FIG. 5 is a block flow diagram of a process 500 for sampling gas, a supercritical CO2 extraction process 505, and a thermal extraction process 515 according to an example embodiment. In sampling process 500, which may utilize system 400, a gas sample, such as air is drawn into the system 400 with a pump at 522. The air is then flown or passed through a regeneratable water vapor remover 524, such as Zeolite 3A. The air is then streamed through a mixture of electrosprayed ionic liquids at 526 for about 4 minutes in one embodiment before valves are closed to seal the canister. At 528, a resulting ionic liquid-chemical analyte mixture is electrostatically attracted to a counter electrode, such as a porous copper foam that is cooled. In one embodiment, a temperature differential of approximately 70° C. is created between the dead space and the counter electrode. The mixture solidifies on the copper foam at 530. At 532, chemical analytes that do not interact with ionic liquids flow through the copper foam and adsorb on a solid adsorbent, such as activated carbon. Air flow with chemical analytes removed is streamed over a heat sink of the cooler at 534 to improve efficiency in one embodiment. Chemical analytes that do not interact with ionic liquids or activated carbon are trapped in the dead volume 536.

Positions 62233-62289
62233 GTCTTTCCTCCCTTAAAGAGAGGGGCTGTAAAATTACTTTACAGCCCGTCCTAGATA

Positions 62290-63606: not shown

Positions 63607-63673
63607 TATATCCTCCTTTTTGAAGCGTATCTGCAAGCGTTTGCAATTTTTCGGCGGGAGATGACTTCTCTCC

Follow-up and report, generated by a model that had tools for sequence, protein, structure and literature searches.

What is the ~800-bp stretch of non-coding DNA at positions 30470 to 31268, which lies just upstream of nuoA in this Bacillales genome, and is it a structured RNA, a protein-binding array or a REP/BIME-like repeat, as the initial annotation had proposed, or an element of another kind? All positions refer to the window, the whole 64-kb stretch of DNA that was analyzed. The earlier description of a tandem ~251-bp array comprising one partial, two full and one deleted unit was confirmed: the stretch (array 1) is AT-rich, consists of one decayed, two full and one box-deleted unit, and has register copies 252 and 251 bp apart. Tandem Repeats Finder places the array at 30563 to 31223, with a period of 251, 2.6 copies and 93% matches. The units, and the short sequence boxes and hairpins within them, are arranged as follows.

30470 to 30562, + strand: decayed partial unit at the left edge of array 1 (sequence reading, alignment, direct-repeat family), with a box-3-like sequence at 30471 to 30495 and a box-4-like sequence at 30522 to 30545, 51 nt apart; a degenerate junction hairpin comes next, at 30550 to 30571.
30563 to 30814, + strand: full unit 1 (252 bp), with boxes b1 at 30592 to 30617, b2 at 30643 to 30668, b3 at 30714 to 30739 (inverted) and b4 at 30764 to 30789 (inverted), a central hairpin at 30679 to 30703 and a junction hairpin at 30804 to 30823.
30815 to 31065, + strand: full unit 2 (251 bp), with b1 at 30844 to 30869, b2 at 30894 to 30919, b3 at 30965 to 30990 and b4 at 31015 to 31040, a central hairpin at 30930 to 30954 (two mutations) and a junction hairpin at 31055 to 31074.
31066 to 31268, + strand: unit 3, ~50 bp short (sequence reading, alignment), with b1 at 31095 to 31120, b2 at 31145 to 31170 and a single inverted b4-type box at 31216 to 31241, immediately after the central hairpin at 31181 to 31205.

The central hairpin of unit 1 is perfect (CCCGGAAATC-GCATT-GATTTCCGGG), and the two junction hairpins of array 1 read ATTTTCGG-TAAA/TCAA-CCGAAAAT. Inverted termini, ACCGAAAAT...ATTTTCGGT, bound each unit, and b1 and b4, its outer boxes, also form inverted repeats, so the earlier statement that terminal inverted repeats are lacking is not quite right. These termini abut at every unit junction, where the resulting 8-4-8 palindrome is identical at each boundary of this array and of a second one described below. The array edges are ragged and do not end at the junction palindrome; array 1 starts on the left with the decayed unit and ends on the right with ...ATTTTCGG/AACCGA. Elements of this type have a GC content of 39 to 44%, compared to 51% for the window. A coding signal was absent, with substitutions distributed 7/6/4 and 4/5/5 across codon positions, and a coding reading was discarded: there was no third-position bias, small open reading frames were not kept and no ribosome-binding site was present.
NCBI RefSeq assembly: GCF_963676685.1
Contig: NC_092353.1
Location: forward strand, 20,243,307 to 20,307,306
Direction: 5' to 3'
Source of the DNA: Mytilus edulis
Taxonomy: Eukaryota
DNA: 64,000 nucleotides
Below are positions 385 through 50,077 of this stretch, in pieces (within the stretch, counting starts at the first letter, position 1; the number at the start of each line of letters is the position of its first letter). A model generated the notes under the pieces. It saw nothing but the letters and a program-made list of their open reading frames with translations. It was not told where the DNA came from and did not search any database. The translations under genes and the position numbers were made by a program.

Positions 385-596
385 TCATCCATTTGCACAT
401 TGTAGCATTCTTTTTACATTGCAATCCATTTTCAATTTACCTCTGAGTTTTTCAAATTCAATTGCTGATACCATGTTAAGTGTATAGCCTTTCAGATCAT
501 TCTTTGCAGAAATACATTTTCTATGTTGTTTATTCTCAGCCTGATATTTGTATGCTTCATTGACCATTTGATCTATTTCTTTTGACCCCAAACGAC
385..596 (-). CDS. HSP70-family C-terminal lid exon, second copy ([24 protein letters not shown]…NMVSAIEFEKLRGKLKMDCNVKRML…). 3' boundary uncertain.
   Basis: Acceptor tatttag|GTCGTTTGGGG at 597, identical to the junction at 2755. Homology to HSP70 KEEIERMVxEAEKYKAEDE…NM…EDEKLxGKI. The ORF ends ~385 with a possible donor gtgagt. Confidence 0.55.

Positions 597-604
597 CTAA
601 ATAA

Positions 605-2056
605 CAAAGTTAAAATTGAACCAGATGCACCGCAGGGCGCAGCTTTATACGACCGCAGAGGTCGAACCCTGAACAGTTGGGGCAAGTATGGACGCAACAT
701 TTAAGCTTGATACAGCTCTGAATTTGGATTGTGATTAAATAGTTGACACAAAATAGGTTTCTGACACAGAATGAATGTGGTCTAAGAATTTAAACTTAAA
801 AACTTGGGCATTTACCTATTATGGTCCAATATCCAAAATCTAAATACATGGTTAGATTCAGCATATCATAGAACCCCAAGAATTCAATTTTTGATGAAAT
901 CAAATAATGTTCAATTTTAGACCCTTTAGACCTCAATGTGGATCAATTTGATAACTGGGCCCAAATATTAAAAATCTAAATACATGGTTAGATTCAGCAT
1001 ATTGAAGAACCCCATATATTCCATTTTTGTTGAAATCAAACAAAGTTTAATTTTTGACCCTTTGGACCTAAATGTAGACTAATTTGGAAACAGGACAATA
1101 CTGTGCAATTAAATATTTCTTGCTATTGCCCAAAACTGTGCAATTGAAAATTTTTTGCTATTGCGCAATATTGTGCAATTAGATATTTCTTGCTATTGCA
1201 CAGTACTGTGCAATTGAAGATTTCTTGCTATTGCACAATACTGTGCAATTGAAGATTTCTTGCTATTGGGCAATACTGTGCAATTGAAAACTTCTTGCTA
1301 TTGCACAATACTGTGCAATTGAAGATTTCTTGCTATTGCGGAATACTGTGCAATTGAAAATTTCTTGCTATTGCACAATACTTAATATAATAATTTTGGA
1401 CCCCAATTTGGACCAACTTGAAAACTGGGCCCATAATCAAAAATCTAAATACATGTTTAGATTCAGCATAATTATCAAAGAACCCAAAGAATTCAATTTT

FIG. 6 is a block diagram of a system 600 for sampling gas utilizing a gas sampling canister 100 according to an example embodiment. The system includes a reusable air stream drying or water vapor removal module 610, a canister thermal management module 620, and an air pump/valves module 630. In one embodiment, the reusable water vapor removal module is positioned immediately downstream of a sample gas intake 635. One water selective absorbent or water scrubber is Zeolite 3 Å. The “3 Å” describes the 3 Angstrom pores sizes of this specialized Zeolite. The 3 Å pores do not adsorb any molecule larger than 3 Å. The molecules it will absorb are: helium, neon, nitrogen and water. They are commercially used for the dehydration of many liquids including ethanol, methane, and propylene. Their typical water removal efficiency is quoted as lowering water concentrations to approximately 1 ppm. If the system samples 5 L of air that is dried to 1 ppm H2O. The ionic liquid absorbent will encounter 0.0040 mg of H2O. In one embodiment, system 600 will nanospray approximately 0.3 ml or 525 mg of ionic liquid per sample. A fully functional Zeolite 3 Å drier may capture all of the water down to a 0.0008% (w/w) water to ionic liquid during one sampling cycle.